CBS4 Investigates Problems With State Unemployment System
“It’s unacceptable and we take it very seriously,” said Ellen Golombek, executive director of Colorado’s Department of Labor and Employment.
Golombek took over at Labor and Employment in January. She said the average wait time for claimants calling in for information on their unemployment claim now stands at 1 hour and 29 minutes. She thinks it should be 15 minutes or less.
“It’s overwhelming. The system is overwhelmed,” Golombek said several times during the on camera interview. “The problem persists because we are in a recession, people are laid off and are losing their jobs,” she said.
Golombek said there are now 137,000 Coloradans with active unemployment claims, compared to 2008 when about 30,000 were on unemployment. Callers now are so frayed and on edge, operators at the Labor Department undergo training to handle suicidal callers. Golombek acknowledged that 15 employees just went through “specialized training” to handle despondent claimants.
CBS4 also found that Colorado is consistently finishing below federal minimum standards for benefits accuracy, quality and timeliness. The U.S. Department of Labor publishes quarterly audits of every state’s unemployment program.
Each state is measured in nine different categories or “Core Measures.” Colorado has been performing poorly for the last four years Golombek acknowledged.
“It is troubling and failure is not acceptable,” said Golombek.
For instance, in the 4th quarter of 2010, Colorado fell below minimum federal standards in five out of nine core measures. For “separation determination quality,” an acceptable score is 75 or above. Colorado received a score of 30, besting only North Carolina and the Virgin Islands. The category measures how the state labor department did on an initial eligibility decision- did the state gather all necessary documents, were the claimant and the employer contacted?
In another category, “non-separation determination quality,” the federal minimum standard is a 75. Colorado received a score of 51, the fifth worst in the country. This category measures how the Colorado Division of Labor and Employment did gathering information and following due process on items that affect weekly eligibility.
“We’ve started looking at these scores in the last four weeks and what we need to do to make them more acceptable,” said Golombek. “Where we are today is not acceptable and our goal is to move into the acceptable range.”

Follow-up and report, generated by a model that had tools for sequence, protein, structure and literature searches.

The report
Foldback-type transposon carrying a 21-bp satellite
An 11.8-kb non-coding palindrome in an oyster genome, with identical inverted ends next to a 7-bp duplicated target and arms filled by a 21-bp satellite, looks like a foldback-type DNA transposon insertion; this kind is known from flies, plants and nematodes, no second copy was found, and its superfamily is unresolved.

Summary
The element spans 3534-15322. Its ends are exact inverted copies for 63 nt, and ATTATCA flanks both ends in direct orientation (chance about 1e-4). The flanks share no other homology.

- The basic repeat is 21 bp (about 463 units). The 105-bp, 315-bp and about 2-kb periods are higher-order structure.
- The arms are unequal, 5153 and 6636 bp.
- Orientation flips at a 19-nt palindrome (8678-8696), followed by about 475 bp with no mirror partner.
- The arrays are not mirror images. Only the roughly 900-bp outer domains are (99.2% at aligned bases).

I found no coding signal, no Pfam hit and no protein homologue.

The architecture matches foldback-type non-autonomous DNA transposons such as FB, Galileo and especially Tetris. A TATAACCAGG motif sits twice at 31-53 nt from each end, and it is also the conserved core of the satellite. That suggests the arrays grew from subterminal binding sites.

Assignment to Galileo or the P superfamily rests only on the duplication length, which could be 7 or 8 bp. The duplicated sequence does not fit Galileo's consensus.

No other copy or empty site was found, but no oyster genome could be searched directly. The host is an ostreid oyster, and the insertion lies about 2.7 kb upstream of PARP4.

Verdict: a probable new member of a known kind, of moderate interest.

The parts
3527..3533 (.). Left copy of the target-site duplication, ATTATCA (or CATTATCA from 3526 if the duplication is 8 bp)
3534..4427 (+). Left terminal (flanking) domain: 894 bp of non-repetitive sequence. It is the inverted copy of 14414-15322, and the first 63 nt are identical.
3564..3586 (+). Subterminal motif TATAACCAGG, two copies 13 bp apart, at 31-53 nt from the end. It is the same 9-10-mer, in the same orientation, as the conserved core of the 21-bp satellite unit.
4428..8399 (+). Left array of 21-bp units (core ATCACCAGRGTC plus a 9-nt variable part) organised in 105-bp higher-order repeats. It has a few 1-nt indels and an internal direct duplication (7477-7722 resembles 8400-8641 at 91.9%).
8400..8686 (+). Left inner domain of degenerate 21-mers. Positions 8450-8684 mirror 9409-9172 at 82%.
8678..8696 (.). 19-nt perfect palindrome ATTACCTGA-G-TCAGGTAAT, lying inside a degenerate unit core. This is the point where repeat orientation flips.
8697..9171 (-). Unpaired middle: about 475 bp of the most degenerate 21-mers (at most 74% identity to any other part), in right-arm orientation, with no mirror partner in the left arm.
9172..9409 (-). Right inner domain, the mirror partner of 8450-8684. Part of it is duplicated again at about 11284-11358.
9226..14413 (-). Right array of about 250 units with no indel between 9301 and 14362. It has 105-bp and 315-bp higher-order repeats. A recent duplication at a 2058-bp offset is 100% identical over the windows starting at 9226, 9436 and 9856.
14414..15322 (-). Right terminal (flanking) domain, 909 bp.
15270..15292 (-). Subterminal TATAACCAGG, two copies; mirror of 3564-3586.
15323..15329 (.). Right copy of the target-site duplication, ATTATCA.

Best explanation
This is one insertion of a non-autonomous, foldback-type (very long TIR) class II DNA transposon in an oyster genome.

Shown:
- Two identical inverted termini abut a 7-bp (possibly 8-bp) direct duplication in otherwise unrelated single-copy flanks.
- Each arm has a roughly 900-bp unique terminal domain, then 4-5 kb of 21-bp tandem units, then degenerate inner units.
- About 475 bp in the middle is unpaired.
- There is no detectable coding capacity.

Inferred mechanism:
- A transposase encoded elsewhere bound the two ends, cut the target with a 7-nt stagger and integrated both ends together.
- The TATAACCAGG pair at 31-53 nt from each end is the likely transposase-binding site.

She says CDLE is hamstrung by Colorado’s complex unemployment laws, which she says are far more daunting than other states. On top of that, Golombek said the low scores can also be attributed to a department working with outdated technology, high staff turnover and staff allocation.
Golombek said ‘we are looking at systems, processes and technology’ to improve the federal scores.
By email, Cher Haavind with the Colorado Department of Labor and Employment, said, “The UI program takes seriously the quarterly self audit results and has taken several steps on the heels of the last completed audit to address the scores:
- We are hoping to reallocate staff and are more closely aligning staff roles and responsibilities with performance standards.
- In January we implemented new performance measures and are using ongoing training of staff to improve processes.
- In June, the UI program will add TALX to the Statewide Information Data Exchange. TALX and ADP (already in the data exchange) represent approximately 30 percent of the employers on unemployment insurance issues. Adding TALX will allow the program to more quickly and effectively gather information from employers and will benefit the separation determination process and positively impact the quality of the determination.
To view quarterly rankings of Colorado and other state’s performance on ‘core measures’ set up by the U.S. Department of Labor, go to this link, click on ‘all measures’, and enter a quarter you would like to view:
The Colorado Department of Labor and Employment provided the following tips to avoid long telephone wait times:
Tips to Avoiding Long Wait Times
- Use the Internet application for filing both, new claims and bi-weekly filings.
- Call later in the week versus a Monday or Tuesday
- If wanting to verify that CAP Card was mailed, wait 24 hours after filing, then go into the CUB System, under option 3 and check for the date of last warrant mailed.
- Search the CDLE web site colorado.gov/cdle, claimant handbook and claim materials for answers prior to calling a representative.
- Be pro-active in regard to getting the first CAP Card on a new claim. 1) Registered with a local workforce office 2) complete and return all required forms right away 3) complete bi-weekly filings on a regular schedule and verify that they took in the system. It takes about 3 to 5 weeks to get most claims processed. If last employer paid “other pay” it could postpone benefits.
- And, last but not least, return any calls from the agents as soon as possible.